Nate Allen is our favorite kind of chef — creative, energetic, and filled with contagious joy whenever he gets in the kitchen, or in front of a fire. His deep respect for conscientious agriculture not only shows in his thoughtful sourcing (often from his own yard), but in his beautiful dishes, using every ingredient to its full potential. Each meal Chef Nate creates is permeated with history — of the local region, old culinary traditions, and of his own dining experiences.
After attending culinary school, Nate lived in many places and worked in many kitchens, before opening the James Beard Award nominated restaurant Knife & Fork, in Spruce Pine, North Carolina. At Knife & Fork, Nate sourced all ingredients from within 45 miles — a testament to his dedication to supporting local agriculture and community. He currently resides in Florida, surrounded by an abundance of fresh ingredients that make their way into almost everything he creates.
Growing up in the southeast made barbecue culturally significant to me. My geography led me to believe that there was only one variety; barbecue was smoky, slow pit-roasted, whole hog in spiced vinegar sauce. I didn’t realize that many cultures have their own barbecue. It all boils down to open fire and meat, the rest is just subtext. My passion is this romantic relationship between fire and meat. What the fire is made from and how it is housed are the two main variables involved. These variables depend on geography, making barbecue taste different everywhere you go. Most people believe that their regionally specific barbecue is the best. There is no point in arguing. What are my thoughts? I love it all.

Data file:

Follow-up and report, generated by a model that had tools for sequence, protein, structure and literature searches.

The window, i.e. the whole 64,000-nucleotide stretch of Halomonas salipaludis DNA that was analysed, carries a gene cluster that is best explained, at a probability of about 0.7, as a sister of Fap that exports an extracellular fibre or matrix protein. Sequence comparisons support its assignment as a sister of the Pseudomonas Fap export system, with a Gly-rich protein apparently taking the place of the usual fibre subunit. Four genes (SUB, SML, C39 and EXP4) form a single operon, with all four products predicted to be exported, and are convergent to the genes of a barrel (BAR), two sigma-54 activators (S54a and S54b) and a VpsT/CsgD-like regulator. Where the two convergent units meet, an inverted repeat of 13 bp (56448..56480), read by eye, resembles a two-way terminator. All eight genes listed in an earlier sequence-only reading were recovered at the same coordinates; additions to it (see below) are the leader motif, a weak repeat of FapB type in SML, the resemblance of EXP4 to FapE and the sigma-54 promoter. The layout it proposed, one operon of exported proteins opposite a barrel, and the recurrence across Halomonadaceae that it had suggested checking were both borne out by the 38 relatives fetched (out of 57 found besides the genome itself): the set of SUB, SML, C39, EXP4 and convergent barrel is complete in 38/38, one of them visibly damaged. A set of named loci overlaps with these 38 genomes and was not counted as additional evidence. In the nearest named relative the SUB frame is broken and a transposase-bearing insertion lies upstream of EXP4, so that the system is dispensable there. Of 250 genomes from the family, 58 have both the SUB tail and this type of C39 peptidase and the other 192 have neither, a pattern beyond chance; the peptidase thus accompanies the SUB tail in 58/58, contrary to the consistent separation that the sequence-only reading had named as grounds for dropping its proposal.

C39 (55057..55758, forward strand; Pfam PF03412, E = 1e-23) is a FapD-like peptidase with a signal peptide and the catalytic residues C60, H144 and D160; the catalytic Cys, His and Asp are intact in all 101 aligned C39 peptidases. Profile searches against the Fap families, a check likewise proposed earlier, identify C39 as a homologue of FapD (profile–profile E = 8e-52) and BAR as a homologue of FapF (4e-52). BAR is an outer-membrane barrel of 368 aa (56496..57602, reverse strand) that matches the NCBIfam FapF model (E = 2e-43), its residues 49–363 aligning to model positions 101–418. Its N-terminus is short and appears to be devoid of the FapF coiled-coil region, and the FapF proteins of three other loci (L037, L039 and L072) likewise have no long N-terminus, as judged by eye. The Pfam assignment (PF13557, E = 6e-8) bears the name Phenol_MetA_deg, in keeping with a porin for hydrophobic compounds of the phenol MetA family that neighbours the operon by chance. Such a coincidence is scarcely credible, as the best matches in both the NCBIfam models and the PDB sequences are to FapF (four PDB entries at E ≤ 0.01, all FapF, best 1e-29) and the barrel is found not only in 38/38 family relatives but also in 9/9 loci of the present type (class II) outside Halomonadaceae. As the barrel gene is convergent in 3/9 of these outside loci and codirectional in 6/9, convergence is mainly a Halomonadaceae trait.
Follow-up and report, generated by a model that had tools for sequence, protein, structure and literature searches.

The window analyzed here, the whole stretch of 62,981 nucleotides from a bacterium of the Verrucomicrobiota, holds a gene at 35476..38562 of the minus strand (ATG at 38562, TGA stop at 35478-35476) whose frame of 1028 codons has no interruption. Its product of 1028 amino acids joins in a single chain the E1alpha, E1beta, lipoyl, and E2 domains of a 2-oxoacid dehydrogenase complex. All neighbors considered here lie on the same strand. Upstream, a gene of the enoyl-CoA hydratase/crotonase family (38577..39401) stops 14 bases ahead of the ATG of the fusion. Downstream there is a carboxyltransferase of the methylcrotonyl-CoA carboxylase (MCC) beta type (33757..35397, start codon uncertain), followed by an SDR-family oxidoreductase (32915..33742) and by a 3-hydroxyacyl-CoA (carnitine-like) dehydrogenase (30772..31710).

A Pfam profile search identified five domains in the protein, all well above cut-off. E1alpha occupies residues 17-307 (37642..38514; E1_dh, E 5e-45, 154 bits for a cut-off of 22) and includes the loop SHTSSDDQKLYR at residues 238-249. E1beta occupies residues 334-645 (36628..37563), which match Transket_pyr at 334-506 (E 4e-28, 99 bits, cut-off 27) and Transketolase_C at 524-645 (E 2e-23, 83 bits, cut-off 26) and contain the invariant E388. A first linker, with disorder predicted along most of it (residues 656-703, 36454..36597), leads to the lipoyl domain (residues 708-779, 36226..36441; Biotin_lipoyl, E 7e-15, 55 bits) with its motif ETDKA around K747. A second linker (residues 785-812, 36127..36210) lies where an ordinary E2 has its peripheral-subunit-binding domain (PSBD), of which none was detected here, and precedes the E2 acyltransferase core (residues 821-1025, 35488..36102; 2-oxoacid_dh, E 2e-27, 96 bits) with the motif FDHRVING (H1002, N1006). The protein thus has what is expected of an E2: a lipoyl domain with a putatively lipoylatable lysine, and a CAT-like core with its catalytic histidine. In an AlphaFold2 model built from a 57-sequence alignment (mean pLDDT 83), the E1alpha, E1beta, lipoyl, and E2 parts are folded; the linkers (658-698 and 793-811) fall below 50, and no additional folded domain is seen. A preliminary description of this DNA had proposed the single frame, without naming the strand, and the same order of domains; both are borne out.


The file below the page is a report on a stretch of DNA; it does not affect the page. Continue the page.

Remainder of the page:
I have enjoyed roasted and shaved tri-tip since before I knew where it came from on the cow. Then I lived in California for the better part of a decade, and I discovered Santa Maria style barbecue. Perfection in simplicity. Tri-tip rubbed with salt and pepper, and cooked on adjustable grates over oak fire until medium rare, served with salsa and grilled bread.
The history and geography of California’s central coast were on my mind as I stared down at the triangle of beef that I wanted to prepare for lunch. I wanted the meat to be simple and pure, but seasoned and smoked with a bit more than the classic salt and pepper. I started with that as a base to which I added lavender flowers, fresh thyme, and rosemary. I have a small fig tree that was dropping its leaves after a cool evening so I pressed them onto the tri-tip, and let it sit at room temperature while I built the fire with oak and pecan wood. After thirty minutes the fire had established a bed of coals and the grates were hot. I placed the meat on the grill about five inches to the side of the fire’s edge, and surrounded it with more sprigs of rosemary and fig leaves which began to envelop the meat with fragrant smoke. Every ten minutes I rotated or flipped the meat, arranging it to allow even, radiant, indirect heat. This gives a lovely browned and slightly crunchy exterior to the cut. After forty minutes I removed the meat to rest on a cutting board for ten minutes before slicing as thin as possible against the grain, starting at the thinnest point.
The flavor and aroma of the perfect medium-rare beef required no accompaniment. If you're entertaining and put out a platter of this, it will disappear before anyone can think of whether or not it wanted sauce.